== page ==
Why is there a global obesity epidemic?
A review of the global literature reveals that "experts" blame people across the globe for increasingly becoming overweight due to "urbanization and the influx of Western ways of life including the myriad of fast food choices, little exercise and stressful jobs." Dr. Frank Hu, associate professor of nutrition and epidemiology at Harvard School of Public Health, agrees stating: "The problem of obesity rates dramatically increase in countries that are undergoing economical development. Rural workers moving to urban areas perform less physical labor and supplant traditional low-fat diets that include local foods with processed diets that are high in fats and sugar." This statement typifies the general consensus why the world is getting fatter. Unfortunately, these observations, though not without merit, are highly oversimplified and convey the ignorance about the true causative reasons behind the very complex subject of obesity.
In fact, in a 2009 survey of 290 primary care physicians in the United States, the survey revealed that “almost all primary care physicians want to help obese patients lose weight, but they say that no one in their practice knows enough to adequately deal with weight-related issues” (Family Practice News, April 1, 2010). Clearly that is evidenced when the medical professional takes an overweight individual and provides that person a strict exercise and dietary management program. That person may lose weight at first, but most often regains that weight back and more. Even Oprah, with her multiple attempts at weight loss and access to her "gurus", has found frustration in her ability to maintain her desired weight long term. Therefore, there is obviously something more than "urbanization" and "fast food diets" responsible. There are people who eat salads every day who can not control their weight while there are people who eats hundreds of calories a day who are not obese nor exercise much. This conveys that there clearly are other major underlying factors with the matter of obesity. In recent years, scientists have discovered a so-called fat gene in the hopes that the drug industry can find that magic bullet. Yet, like most genetic discoveries, genetics only predisposes you to the condition but does not necessarily condemn you to the condition. Your genes are like road signs for cellular growth. However, it's the bumps in the road of life that can steer your health off course. Fix the bumps and you regain control of your health. In recent years, scientists have come to realize that the triggers and control of obesity lie within the brain. Neurosurgeons have experimented with implanting electrodes in the brain's hypothalamus in a desperate but futile attempt to slow the obese person's metabolism.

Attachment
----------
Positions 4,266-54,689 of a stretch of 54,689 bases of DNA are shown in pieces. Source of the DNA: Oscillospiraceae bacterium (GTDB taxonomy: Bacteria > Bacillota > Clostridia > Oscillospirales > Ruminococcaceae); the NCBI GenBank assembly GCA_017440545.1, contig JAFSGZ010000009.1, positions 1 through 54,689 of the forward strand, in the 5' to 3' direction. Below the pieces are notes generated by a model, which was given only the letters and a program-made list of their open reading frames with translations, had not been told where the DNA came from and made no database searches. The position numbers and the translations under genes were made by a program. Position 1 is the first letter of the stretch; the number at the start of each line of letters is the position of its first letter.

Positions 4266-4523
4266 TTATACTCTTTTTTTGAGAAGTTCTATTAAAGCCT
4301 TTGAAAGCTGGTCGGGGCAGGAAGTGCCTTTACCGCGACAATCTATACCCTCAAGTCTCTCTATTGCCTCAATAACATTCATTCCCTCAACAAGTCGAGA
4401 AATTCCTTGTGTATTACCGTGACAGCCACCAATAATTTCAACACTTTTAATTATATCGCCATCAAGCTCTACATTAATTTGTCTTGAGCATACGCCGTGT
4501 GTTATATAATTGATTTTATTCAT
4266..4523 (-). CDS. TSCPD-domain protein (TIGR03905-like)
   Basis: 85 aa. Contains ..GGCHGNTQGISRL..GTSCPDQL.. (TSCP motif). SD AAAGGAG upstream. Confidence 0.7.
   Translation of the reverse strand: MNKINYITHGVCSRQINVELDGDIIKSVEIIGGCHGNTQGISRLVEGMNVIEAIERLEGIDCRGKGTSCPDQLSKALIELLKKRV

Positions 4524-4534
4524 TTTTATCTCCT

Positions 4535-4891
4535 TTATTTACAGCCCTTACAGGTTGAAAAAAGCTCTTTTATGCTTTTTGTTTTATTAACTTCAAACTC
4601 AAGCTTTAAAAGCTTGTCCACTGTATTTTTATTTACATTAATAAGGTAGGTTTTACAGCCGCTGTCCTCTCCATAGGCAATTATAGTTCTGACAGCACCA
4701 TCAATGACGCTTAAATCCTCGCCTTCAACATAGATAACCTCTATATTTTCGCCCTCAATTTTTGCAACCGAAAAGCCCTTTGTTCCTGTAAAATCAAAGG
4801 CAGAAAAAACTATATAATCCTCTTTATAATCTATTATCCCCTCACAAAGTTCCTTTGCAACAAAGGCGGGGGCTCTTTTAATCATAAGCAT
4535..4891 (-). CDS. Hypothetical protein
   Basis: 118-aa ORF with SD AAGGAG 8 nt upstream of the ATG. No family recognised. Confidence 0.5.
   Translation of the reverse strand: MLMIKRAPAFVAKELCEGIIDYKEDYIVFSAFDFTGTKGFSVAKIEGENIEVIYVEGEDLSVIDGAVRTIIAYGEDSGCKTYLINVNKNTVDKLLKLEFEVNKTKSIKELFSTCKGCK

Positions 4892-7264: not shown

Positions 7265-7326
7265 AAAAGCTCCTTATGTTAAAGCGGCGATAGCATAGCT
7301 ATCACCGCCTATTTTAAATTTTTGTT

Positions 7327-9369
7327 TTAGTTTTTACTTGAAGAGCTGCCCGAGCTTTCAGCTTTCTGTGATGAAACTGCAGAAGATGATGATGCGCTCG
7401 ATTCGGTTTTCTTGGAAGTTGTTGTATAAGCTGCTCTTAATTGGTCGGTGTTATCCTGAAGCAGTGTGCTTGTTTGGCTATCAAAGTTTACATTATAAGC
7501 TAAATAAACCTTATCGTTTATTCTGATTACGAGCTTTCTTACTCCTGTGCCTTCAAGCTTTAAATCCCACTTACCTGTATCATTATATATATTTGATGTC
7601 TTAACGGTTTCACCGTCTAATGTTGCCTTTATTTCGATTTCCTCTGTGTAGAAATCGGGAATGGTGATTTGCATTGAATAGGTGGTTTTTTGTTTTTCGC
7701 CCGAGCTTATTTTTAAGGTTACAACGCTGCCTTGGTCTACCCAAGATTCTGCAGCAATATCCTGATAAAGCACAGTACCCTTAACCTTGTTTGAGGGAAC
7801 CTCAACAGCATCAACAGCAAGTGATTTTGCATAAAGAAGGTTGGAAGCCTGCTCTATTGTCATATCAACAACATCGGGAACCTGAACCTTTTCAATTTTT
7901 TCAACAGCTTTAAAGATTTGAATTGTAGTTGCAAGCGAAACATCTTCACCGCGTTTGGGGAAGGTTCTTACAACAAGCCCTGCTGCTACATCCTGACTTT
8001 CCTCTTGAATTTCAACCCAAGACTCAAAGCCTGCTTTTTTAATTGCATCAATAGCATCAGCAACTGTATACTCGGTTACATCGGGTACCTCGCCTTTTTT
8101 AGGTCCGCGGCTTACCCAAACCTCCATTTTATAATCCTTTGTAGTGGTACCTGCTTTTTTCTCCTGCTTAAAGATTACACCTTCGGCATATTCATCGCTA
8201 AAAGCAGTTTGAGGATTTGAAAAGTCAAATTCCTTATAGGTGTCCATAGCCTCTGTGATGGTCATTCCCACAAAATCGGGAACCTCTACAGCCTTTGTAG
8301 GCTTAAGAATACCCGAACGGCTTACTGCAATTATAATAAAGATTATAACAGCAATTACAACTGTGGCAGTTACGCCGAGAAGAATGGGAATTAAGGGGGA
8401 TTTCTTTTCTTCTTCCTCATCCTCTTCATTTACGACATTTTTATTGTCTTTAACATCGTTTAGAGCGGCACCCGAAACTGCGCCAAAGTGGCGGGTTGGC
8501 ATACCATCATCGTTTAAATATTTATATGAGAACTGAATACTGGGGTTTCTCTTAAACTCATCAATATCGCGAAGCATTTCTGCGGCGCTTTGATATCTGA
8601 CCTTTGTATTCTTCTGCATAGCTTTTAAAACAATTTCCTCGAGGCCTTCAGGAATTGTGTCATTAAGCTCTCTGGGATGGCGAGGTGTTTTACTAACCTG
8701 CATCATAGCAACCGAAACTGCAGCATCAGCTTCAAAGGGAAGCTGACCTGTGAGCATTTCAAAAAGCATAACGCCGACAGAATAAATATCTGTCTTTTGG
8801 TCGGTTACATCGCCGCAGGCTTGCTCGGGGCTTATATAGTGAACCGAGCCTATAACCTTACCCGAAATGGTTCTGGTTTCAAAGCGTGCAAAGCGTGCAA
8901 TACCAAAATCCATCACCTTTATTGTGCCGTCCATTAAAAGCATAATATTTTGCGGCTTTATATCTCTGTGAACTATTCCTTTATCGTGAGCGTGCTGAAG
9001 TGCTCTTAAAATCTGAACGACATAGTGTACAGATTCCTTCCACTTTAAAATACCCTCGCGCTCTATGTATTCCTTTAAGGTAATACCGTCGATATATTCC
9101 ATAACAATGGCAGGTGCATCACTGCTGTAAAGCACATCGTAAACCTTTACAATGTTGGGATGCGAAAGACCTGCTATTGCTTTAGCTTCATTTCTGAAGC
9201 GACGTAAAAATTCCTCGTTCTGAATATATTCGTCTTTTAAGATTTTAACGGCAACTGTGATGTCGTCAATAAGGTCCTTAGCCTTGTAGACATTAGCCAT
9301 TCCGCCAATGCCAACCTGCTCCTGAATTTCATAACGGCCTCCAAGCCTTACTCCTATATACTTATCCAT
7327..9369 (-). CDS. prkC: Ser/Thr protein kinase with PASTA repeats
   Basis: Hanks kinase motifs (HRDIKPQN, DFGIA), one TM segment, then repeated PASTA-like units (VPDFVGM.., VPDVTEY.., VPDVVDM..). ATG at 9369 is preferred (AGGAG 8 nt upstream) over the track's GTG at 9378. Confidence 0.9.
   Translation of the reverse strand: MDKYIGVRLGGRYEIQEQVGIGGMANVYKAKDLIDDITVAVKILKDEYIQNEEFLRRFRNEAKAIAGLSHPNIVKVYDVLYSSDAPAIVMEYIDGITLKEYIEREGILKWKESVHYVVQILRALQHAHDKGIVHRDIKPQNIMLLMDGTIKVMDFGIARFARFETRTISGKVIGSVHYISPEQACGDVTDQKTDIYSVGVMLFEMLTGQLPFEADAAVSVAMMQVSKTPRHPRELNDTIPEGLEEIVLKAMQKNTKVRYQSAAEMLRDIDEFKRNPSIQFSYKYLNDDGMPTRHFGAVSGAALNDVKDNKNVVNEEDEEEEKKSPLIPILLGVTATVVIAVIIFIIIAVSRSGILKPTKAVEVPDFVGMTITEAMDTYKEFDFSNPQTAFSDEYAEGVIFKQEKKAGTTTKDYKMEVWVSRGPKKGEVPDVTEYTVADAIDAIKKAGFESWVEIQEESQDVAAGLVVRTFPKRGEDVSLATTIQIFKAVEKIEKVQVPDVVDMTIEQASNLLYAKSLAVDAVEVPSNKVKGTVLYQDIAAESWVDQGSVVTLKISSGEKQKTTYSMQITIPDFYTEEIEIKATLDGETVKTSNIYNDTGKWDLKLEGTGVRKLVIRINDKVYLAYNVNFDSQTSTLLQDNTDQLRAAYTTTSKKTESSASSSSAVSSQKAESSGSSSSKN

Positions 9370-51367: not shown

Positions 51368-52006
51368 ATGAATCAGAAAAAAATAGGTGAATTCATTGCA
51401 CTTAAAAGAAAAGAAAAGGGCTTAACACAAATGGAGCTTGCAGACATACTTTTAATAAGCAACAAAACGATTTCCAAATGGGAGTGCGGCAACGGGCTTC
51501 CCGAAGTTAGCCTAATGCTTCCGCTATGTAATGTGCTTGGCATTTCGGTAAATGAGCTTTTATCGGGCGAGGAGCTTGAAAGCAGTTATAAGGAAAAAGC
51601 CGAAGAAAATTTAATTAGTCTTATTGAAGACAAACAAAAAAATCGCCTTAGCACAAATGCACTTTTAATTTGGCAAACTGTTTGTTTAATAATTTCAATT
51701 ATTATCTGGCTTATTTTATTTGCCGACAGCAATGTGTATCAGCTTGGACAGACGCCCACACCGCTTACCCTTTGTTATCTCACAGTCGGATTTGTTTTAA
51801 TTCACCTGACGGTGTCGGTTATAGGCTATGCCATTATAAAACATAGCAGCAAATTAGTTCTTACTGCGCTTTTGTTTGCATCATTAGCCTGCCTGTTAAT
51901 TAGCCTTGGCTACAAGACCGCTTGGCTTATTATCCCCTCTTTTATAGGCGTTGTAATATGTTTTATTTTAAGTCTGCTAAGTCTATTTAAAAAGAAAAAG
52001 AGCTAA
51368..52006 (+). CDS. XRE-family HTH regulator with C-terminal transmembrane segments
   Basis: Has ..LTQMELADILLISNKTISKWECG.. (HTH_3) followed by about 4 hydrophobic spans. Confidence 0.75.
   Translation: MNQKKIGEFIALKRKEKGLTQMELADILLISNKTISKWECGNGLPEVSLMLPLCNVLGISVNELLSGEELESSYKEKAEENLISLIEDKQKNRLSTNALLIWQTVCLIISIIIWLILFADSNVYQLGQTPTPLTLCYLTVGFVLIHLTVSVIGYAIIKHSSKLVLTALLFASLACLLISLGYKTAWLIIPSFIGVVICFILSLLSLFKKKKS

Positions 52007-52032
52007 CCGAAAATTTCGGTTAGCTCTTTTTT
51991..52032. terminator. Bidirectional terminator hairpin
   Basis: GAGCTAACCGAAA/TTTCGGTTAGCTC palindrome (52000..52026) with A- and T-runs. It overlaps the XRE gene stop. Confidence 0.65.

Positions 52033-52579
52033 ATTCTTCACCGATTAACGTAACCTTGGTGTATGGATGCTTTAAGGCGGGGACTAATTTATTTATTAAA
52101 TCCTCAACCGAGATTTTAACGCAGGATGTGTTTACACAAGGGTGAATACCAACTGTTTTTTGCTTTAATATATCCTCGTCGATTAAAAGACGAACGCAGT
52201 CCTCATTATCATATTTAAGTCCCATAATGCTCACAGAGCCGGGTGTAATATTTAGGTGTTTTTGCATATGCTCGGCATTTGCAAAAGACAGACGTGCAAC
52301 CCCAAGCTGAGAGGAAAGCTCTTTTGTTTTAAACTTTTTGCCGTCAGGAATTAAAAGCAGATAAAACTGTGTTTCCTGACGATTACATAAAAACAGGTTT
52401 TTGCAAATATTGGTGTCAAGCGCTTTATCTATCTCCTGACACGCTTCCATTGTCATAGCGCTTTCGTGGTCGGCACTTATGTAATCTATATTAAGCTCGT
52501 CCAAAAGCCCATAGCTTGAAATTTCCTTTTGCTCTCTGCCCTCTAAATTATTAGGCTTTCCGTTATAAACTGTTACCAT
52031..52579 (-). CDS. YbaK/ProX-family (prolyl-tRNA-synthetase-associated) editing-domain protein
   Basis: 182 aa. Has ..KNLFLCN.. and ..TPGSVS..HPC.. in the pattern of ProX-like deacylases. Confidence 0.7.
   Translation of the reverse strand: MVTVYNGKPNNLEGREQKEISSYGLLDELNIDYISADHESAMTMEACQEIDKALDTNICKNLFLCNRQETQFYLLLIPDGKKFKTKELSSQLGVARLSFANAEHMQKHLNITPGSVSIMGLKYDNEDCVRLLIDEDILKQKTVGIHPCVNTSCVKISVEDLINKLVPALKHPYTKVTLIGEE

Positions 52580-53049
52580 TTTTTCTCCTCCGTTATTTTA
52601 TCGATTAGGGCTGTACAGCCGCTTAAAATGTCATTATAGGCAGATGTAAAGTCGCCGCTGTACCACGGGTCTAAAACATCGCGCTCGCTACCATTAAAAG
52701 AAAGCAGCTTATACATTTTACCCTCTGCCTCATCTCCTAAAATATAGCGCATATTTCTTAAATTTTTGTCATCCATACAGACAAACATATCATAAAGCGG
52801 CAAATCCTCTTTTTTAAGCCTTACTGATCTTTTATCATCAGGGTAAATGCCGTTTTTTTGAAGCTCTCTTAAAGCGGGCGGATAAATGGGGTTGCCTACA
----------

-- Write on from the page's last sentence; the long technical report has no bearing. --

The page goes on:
In 2007, the World Health Organization estimated that there were 1.6 billion people overweight worldwide with projections that this number will grow by 40% within 10 years. A team at John Hopkins University in Baltimore conducted a study that predicts 75% of adults in the U.S. will be overweight by 2015. Indeed the number will grow as the lack of understanding of the underlying causes of obesity continues. It is the intent of this site to shed new light upon this epidemic and finally offer the global public a real solution to curing obesity permanently. Moreover, it is QuantumMAN's mission to deter anyone contemplating the horrendous gastric bypass surgery, a surgery that literally trashes your health. Click here to review Gastric Bypass Surgery and its house of horrors.
Review ZAG's Obesity Flow Chart that conveys the myriad of metabolic events responsible for obesity.
Overweight and Obesity Defined
The terms "overweight" and "obesity" are both labels for ranges of weight that are greater than what is generally considered healthy for a given height. For an adult, these ranges are calculated on a number called the "body mass index"(BMI). BMI is used because it correlates with the person's amount of body fat. However, BMI does not measure body fat directly.
- An adult who has a BMI between 25 and 29.9 is considered overweight
- An adult who has a BMI of 30 or higher is considered obese.
Use the following table to calculate your Body Mass Index (BMI). To use the table, find your appropriate height in the left-hand column. Move across the row to the given weight. The number at the top of the column is the BMI for that height and weight.
Body Mass Index (BMI) Table
The following profile chart conveys the different body types depicting severity levels of obesity:
For children and teens, the United States Center for Disease Control has the following link that allows one to calculate the BMI for these individuals:
The Evolution of Man
Despite all the best efforts by scientists and health professionals the world over, man has grown fatter over the generations. With so many children significantly overweight presently, they are becoming the first generation to begin dying before their parents. Contributing to this trend is the repeated efforts by people with ill-designed programs that further slow the person's metabolism resulting in making the person fatter with each weight loss attempt.